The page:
Yesterday I set out to hunt some vampires in my house. Not the undead, blood sucking kind featuring long fangs and strange capes, but the energy sucking type. Let me explain!
After receiving a utilities bill that was higher than my low usual SGD 70 – 90 a month I set out to optimize my energy consumption.
Why saving power matters
Not only do I want to save money, but I am also concerned about my carbon footprint. After all Singapore’s energy is largely imported or produced by burning fossil fuels. Despite our island being so close to the equator our roof spaces are not yet fully used to create solar power and we do not have a significant share of renewables in our energy mix today.
Some interesting statistics from Singapore’s Energy Market Authority
- 9% of Singapore’s electricity is consumed by households, the rest is used by industry (42.6%) and Commerce/Services (36.5%) to cool all these shopping malls to freezy temperatures I guess!
- Singapore has a total production capacity of 12,889 MW
- 95% of Singapore’s electricity is generated by burning natural gas
- Solar power accounts for 0.2% of all electricity capacity in Singapore. Germany has a rate of 6.2% or 30 times as much despite the freezing, dark winters and autumns and its less favorable location far away from the equator
It is not all doom and gloom though, the good news is that the number of Singapore’s solar installations has been increasing:
(Source: EMA 2015)
Hunting some vampires
Curious about my energy consumption I bought this power meter off e-bay:
Plugged into an electrical socket it can automatically determine how much electricity is used by which device. This is especially useful when trying to find out how much applications on standby are sucking out of the net while we are not using them.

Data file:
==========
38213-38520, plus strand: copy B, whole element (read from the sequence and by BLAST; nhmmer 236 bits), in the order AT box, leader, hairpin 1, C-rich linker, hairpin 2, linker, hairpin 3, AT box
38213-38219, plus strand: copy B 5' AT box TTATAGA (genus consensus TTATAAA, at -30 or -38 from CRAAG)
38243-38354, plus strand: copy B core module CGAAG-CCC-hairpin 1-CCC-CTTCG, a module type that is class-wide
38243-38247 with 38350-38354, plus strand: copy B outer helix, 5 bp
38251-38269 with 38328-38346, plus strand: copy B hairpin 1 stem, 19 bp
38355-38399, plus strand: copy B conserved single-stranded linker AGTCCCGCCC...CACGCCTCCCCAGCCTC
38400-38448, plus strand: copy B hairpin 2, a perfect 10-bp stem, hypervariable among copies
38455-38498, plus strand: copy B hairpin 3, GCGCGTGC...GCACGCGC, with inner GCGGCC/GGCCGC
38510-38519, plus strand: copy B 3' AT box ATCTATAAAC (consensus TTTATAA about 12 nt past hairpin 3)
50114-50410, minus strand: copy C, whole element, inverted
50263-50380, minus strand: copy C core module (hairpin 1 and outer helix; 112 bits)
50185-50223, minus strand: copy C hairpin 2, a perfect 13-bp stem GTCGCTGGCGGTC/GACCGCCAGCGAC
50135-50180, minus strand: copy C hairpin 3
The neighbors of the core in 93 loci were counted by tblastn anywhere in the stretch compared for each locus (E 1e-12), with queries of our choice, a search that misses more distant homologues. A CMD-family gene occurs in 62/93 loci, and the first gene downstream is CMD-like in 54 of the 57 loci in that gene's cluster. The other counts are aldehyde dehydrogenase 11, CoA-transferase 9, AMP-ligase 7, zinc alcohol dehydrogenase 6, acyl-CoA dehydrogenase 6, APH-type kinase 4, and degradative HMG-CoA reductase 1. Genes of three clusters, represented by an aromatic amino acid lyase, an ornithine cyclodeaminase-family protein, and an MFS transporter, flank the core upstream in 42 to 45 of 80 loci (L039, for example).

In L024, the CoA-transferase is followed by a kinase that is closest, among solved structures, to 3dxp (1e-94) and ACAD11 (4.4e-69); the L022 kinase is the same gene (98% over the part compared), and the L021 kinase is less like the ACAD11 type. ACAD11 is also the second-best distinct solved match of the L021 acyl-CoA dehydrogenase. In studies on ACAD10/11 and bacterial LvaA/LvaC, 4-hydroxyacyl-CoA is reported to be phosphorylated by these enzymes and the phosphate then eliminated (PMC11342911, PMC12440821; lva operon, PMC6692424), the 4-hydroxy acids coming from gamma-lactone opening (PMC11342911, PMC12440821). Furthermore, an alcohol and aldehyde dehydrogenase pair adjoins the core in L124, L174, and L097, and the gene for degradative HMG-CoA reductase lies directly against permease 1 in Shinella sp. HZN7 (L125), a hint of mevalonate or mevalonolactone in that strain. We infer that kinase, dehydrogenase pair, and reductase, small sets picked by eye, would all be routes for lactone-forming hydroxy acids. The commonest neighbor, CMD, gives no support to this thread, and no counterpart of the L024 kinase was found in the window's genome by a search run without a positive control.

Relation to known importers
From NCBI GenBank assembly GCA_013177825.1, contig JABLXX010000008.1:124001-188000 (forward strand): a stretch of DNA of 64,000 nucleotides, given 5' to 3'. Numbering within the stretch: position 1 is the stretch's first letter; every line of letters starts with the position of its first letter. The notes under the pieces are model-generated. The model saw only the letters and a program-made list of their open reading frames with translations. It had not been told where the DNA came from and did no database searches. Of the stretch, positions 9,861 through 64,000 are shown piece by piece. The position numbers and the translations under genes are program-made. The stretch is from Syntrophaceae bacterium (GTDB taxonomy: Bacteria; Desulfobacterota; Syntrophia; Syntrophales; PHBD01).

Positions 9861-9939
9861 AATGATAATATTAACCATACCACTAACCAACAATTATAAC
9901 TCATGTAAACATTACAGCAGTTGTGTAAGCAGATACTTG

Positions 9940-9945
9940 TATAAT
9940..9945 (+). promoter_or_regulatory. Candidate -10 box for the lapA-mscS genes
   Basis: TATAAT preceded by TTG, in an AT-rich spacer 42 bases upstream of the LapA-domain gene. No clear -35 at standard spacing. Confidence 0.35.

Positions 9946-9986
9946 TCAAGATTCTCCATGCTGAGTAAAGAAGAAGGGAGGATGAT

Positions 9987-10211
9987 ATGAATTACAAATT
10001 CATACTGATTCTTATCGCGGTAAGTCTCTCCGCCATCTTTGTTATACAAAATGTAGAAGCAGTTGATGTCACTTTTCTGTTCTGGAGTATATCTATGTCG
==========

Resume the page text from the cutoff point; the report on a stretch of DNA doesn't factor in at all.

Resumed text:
Like vampires they are silently sucking energy 24 hours a day.
What I measured in my house:
- My gaming PC is quite energy efficient: even under heavy load it rarely consumes more than 220 watts, even with speakers on. Buying an energy efficient gold rated power supply unit certainly helped
- Leaving my monitor and speakers on standby consumes about 8 watts – I will from now on switch these off when I am not using them
- Fans are quite energy efficient and only use about 40-50 watts depending on the fan speed
- Old lightbulbs definitely waste a lot of energy – about 40-60 watts as compared to LED lamps which use less than a quarter of energy to produce the same amount of light
- De-humidifiers are real energy suckers: my so called energy efficient Samsung dehumidifier consumes about 260 watts when actively de-humidifying vs around 60 watts while being on stand-by, just circulating the air
It is definitely possible to save quite a lot of energy when switching off sockets that are not in use, avoiding aircon and using fans instead and – this is a real no brainer – switching lights to efficient LEDs.
I can really recommend buying a cheap power meter (mine cost SGD 25 including shipping) to find out how much power your appliances really use.
How about you? How are you keeping energy costs low?